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Will there be dialogue after weekend of peaceful rallies?

HONG KONG (SE): After nearly two million people flooding the streets of Hong Kong in peaceful protest yet again, the territory’s chief executive, Carrie Lam Cheng Yuet-ngor, emerged on the morning of August 20 to tell the press that she is willing to create a platform for dialogue but was not inclined to start an independent inquiry into police actions during a political crisis now entering its 12th week.
 

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Mighty show of peace at rain drenched rally

HONG KONG (SE): Over 500 people joined a prayer service, organised by the Justice and Peace Commission and the Hong Kong Federation of Catholic Students, at the music kiosk of Victoria Park on August 18 at 2.00pm before a peaceful rally against the now-suspended extradition bill and police brutality against protesters. 
 

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A dead bill and a broken city

UNREST OVER THE controversial extradition bill have entered the third month. Over a month ago, protesters set five demands before the Hong Kong SAR government. However, protesters lament that there has been “no response” to any of the five demands and so the fight must go on. The truth is that the government did respond, although not to the extent desired. Hong Kong’s chief executive, Carrie Lam Cheng Yuet-ngor, declared, “The bill is dead.” 
 








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Protest makes airport a no-fly zone

HONG KONG (SE): Anti-extradition bill protests in Hong Kong reached a new peak as what should have been only a three-day sit-in protest at the arrivals hall of Hong Kong International Airport, ending on August 11, grew to a point where the Airport Authority was forced to shut down operations on the afternoons of August 12 and 13 bringing one of the busiest airports in the world to a standstill. 
 

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Church runs workshops on emotional well being

HONG KONG (SE): There were 231 attendees at a workshop designed to help people deal with their feelings and conflicts with family or friends due to differing views about the extradition bill and related issues. It was held at St. Francis of Assisi Church, Shek Kip Mei, on August 4. 
 

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Calls for cooling off period at candlelight rally

HONG KONG (SE): Over 1,200 people marched from the Cathedral of the Immaculate Conception, Caine Road, to the Court of Final Appeal, Central, on August 8 in a candlelight rally to pray for justice and peace in society amid the present crisis in Hong Kong caused by the now-suspended extradition bill.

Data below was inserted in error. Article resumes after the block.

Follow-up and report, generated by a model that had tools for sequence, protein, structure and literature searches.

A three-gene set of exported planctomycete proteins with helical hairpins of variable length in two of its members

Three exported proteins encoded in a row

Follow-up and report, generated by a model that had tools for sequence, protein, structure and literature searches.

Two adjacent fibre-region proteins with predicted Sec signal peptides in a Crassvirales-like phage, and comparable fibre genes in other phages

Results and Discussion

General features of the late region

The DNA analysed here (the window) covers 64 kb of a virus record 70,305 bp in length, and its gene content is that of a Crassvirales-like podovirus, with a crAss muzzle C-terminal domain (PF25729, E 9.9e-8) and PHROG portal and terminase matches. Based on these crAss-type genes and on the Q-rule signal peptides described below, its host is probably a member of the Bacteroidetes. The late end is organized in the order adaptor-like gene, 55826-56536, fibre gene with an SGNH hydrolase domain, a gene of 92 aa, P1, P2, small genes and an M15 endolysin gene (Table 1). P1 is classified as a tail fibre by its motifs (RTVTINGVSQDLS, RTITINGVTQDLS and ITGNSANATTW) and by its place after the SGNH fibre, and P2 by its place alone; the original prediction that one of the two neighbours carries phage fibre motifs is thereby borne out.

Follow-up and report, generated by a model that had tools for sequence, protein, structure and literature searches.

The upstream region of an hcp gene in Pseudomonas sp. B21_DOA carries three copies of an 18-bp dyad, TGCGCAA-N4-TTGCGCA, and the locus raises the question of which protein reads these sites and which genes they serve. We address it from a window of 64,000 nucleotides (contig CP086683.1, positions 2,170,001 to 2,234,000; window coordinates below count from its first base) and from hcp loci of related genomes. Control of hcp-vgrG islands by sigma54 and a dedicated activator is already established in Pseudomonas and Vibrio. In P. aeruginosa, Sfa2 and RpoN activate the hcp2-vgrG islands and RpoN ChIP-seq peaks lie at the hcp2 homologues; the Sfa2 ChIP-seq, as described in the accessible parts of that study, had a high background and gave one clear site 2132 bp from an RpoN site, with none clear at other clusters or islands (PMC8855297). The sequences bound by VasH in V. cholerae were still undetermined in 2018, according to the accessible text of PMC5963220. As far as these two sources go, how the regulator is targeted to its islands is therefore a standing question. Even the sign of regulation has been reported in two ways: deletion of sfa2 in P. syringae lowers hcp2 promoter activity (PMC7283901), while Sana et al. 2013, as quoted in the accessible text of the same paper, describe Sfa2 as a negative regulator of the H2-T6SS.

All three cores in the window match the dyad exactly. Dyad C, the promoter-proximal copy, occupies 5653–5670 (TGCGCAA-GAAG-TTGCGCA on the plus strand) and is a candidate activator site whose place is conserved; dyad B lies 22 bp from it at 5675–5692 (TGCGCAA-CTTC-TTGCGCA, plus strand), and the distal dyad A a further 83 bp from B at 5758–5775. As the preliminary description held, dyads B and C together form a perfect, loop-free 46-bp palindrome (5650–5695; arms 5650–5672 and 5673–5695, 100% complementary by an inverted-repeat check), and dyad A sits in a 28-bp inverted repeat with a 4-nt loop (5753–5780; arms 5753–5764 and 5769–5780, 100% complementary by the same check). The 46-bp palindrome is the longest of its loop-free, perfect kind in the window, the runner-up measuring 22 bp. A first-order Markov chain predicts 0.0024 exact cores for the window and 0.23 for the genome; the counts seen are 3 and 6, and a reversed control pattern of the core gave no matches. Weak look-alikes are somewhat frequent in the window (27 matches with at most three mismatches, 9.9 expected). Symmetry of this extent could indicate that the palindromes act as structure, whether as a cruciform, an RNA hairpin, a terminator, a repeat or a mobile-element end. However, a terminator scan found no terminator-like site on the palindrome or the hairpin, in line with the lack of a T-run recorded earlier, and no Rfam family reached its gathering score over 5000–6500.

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Church of Christ in China condemns police violence

HONG KONG (SE): The Hong Kong Council of the Church of Christ in China issued a statement on August 12 condemning the excessive force used by the police in their operations to disperse and arrest protesters on August 11, which it believes shows a lack of concern for public safety.
 

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Parishes places of refuge amid Hong Kong’s protest storm

HONG KONG (SE): A number of Hong Kong’s parishes have been opening their doors during the series of protests against the government’s now-suspended extradition bill, giving people a place to pray and rest. Parish priests pointed out that it is incumbent on parishes to offer help when there is an emergency and that it is not a political gesture.
 

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Hong Kong’s young Catholics fight for their future

Hong Kong (UCAN): Young Catholics are making their presence felt in Hong Kong’s rolling tide of protests demanding the permanent withdrawal of the government’s badly handled Fugitive Offenders and Mutual Legal Assistance in Criminal Matters Legislation (Amendment) Bill which puts forward changes would allow extraditions to jurisdictions with which Hong Kong has no extradition agreements including mainland China.
 

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Hong Kong a sacrificial victim

CLAUDE LEVI STRAUSS, who studied the ancient anthropological underpinnings of modern behaviour, has cited the examples of ancient tribes who used to exchange women in order to stop a war between two tribes as a token of settlement. The one who receives booty treats the woman as they please.